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keinmann

Performance Overhead w/ debugging?

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Just did a simple test with a C# testing project (console application) which is consuming a (rather complex) library I wrote. I noticed a rather simple method which did a (freestanding) mathematical calculation was a bit slow: running in about 1.6ms. Couldn't figure out why. So I copied the method from the library's source and pasted it into the console application I was using for testing. Sped it WAY up, so that it only took 0.0336ms. I tested with similar concepts, and had the same findings. It was slower if the method is in another assembly than the caller.

I'm speculating that this is a performance cost of debugging and that the debugger is slowing this down a little bit to keep tabs on everything. And I just wanted to confirm this, or get correct information about this phenomena. Can anyone explain and enlighten me about this?

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C# compilation with and without debugging really isn't that different. There are a few minor optimizations that don't occur in debug mode (inlining mainly).

If, however, you're marshalling between managed and unmanaged code, that can add quite a bit of overhead (although generally not 1.5ms)...

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Hmmm, this is very odd then. This particular case, no interoperation going on with this method. Just a purely managed method performing a mathematical calculation. I have wrappers for a large amount of C and C++ code, and the interop performance penalty is rather negligible for my project. But this little math thing is strange. I'll have to set up for a release build and see what the results are. Wouldn't you agree that's slow enough to worry about? This particular method, though I would discourage it, could be used in performance critical game code over the course of many frames. Though anything *I* write which uses it will only be for pre-calculations.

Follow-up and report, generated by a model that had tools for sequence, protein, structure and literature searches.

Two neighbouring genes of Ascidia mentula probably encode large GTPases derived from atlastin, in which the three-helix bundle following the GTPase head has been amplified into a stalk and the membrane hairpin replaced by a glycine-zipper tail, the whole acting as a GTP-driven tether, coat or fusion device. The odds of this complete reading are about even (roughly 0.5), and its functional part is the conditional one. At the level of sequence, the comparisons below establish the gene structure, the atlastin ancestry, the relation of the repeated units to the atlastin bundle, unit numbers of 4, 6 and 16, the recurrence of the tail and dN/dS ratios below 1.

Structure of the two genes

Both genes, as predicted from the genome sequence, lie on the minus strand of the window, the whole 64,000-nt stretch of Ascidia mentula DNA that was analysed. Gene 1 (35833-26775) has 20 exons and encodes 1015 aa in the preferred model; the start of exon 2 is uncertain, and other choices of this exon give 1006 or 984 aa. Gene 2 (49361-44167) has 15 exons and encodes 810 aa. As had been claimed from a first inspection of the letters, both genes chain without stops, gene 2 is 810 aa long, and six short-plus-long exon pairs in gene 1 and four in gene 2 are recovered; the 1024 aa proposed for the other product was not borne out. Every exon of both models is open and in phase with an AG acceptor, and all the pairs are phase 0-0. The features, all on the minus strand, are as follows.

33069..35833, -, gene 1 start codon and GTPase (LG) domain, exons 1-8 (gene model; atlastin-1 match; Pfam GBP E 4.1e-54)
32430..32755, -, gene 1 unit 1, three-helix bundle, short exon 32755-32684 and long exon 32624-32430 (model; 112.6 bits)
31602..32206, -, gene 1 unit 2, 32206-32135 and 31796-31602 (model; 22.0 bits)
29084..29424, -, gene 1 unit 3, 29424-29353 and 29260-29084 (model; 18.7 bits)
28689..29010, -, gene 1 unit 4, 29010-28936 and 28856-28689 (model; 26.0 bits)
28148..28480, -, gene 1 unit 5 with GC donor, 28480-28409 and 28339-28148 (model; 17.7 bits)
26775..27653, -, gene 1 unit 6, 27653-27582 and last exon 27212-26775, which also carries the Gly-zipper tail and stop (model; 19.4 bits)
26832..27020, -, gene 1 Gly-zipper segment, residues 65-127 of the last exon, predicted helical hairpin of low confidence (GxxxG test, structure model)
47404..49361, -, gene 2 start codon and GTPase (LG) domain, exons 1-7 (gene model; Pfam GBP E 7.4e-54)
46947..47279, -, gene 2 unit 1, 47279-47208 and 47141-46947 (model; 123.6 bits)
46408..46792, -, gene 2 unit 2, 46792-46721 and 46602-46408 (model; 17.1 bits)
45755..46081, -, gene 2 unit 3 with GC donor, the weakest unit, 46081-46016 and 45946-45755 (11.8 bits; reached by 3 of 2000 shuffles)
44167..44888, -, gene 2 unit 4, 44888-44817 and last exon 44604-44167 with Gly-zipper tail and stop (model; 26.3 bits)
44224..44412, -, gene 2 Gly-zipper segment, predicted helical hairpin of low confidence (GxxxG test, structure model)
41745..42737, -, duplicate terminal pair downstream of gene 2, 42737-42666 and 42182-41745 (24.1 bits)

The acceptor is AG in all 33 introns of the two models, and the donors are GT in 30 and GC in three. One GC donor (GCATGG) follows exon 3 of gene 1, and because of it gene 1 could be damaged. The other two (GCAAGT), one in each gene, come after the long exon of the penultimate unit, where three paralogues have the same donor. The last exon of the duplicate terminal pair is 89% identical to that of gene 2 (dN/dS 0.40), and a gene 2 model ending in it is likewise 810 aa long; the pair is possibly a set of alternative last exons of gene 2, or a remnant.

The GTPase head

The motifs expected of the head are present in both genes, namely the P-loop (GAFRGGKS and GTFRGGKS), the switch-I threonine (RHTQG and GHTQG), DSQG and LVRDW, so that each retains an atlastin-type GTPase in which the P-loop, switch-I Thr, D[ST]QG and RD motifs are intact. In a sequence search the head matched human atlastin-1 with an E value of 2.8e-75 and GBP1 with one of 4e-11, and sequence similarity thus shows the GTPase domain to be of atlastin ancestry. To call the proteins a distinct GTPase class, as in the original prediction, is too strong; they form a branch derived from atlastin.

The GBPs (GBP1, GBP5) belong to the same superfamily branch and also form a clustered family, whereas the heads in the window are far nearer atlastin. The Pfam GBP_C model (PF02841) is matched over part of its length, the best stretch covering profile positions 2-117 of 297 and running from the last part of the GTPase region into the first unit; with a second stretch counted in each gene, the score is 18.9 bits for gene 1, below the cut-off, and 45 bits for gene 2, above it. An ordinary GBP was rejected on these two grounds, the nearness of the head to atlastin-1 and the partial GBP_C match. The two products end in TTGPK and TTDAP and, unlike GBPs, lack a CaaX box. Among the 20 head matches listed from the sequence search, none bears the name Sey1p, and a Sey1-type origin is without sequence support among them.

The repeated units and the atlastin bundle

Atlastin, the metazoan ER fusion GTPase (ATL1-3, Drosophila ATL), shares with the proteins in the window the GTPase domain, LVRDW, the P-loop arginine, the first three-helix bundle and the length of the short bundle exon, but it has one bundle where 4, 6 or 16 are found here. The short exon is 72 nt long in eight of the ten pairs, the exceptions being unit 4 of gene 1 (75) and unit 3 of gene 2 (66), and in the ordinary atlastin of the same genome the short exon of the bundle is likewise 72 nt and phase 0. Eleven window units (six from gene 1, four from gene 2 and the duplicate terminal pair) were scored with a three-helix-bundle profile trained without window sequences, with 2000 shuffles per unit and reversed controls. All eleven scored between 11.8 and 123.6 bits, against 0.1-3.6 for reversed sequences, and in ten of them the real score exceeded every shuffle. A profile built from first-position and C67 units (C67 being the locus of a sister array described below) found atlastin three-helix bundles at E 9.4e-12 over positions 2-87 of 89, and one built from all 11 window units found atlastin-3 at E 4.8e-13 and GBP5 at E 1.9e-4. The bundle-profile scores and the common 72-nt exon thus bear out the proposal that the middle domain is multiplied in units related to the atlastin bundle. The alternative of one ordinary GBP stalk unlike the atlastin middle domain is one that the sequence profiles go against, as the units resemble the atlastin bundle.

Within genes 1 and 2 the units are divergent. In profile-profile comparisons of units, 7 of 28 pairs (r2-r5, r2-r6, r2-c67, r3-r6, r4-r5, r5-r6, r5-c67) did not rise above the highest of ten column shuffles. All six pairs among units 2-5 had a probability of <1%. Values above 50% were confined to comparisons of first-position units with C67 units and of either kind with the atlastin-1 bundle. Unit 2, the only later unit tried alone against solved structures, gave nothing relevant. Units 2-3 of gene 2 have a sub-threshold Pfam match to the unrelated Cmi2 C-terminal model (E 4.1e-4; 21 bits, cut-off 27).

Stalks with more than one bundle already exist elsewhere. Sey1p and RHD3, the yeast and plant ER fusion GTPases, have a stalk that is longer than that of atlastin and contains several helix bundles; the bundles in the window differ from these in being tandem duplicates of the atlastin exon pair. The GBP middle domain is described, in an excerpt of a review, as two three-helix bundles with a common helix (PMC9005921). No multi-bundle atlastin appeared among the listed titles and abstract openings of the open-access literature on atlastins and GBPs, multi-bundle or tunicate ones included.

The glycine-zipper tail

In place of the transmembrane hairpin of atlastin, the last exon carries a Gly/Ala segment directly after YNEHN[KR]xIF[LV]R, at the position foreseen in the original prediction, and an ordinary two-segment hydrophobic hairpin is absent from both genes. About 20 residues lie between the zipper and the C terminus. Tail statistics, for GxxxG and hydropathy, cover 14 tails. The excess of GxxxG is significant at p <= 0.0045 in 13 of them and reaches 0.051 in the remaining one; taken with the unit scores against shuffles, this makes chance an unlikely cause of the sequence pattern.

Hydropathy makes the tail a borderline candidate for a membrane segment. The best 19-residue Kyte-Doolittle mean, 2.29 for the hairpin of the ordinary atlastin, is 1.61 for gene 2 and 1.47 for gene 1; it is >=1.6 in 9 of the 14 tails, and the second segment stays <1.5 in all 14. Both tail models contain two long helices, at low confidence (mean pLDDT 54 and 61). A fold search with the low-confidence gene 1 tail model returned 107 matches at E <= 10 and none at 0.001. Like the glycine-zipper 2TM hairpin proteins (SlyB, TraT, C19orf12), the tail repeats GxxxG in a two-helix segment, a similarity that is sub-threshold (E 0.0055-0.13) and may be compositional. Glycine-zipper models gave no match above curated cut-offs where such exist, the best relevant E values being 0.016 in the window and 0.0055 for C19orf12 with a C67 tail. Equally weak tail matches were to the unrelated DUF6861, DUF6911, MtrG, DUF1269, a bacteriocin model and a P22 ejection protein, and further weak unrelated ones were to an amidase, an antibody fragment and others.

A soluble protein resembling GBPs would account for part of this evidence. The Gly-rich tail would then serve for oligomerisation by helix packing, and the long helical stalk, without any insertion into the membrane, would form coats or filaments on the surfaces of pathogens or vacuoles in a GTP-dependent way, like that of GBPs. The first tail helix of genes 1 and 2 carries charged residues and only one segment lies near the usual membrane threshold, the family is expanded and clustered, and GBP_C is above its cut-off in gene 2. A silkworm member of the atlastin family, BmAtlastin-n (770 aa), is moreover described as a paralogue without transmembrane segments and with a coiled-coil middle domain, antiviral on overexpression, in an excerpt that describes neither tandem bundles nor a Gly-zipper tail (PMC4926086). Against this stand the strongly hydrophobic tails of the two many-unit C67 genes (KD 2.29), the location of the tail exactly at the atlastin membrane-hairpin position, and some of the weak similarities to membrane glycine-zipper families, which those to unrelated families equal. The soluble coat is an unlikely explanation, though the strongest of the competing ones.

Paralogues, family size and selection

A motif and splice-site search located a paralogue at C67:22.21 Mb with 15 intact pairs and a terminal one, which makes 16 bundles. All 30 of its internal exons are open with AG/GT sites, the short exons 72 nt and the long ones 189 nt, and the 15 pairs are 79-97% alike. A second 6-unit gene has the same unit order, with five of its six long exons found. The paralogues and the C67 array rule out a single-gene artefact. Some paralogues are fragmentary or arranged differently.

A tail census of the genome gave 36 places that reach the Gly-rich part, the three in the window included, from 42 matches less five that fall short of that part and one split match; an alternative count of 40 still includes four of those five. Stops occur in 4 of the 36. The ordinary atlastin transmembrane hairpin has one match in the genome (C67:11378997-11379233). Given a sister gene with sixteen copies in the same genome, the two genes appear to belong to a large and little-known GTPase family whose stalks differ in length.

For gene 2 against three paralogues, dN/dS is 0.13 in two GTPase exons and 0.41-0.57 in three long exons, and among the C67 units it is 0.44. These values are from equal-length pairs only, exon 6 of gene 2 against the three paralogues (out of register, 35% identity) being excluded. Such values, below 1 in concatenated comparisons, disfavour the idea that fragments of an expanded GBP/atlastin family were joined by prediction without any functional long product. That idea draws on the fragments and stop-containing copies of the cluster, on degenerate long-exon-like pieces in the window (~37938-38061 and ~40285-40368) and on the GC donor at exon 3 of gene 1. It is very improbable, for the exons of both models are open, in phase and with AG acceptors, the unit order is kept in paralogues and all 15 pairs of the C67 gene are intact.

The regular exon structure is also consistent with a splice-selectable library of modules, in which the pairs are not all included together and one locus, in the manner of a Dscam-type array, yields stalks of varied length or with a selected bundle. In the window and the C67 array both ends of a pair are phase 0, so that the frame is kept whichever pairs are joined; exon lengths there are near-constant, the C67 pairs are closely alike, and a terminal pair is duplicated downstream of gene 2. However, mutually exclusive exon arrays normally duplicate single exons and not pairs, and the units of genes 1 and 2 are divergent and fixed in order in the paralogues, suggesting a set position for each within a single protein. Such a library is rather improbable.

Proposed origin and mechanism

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Marshalled calls should generally do a LOT of work. That means if you're going into unmanaged code, avoid going into it for trivial reasons. A single matrix multiply is not a reason to transition from managed to unmanaged (it'll cost more to do the marshalling than the entire method).

If you're calling your math method in a loop... and going over the managed/unmanaged barrier each time... that will be quite expensive.

I have a bunch of blog posts profiling the performance of math operations in unmanaged vs managed when used in a managed context, you should check them out.

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Will do. Hopefully what I said wasn't confusing though; this particular case is 100% managed; no interop. But maybe your profiles can help me make some decisions on this framework design; even warrant some major changes if I was wrong on some assumptions (you never have enough time to test everything, and sometimes have to use a "best guess", haha).

Ok... I'm a very bad boy... but who hasn't used Reflector on the .NET framework to see how things tick? :) I was doing some digging a while back and found that some of their math methods are done via interop. I wondered "why?". Does it really warrant interop? Would it really make a notable gain in speed? Or just didn't feel like doing it in managed C++/C#? Maybe your work can shed some light on that and other things I worry about in my sleep. :)

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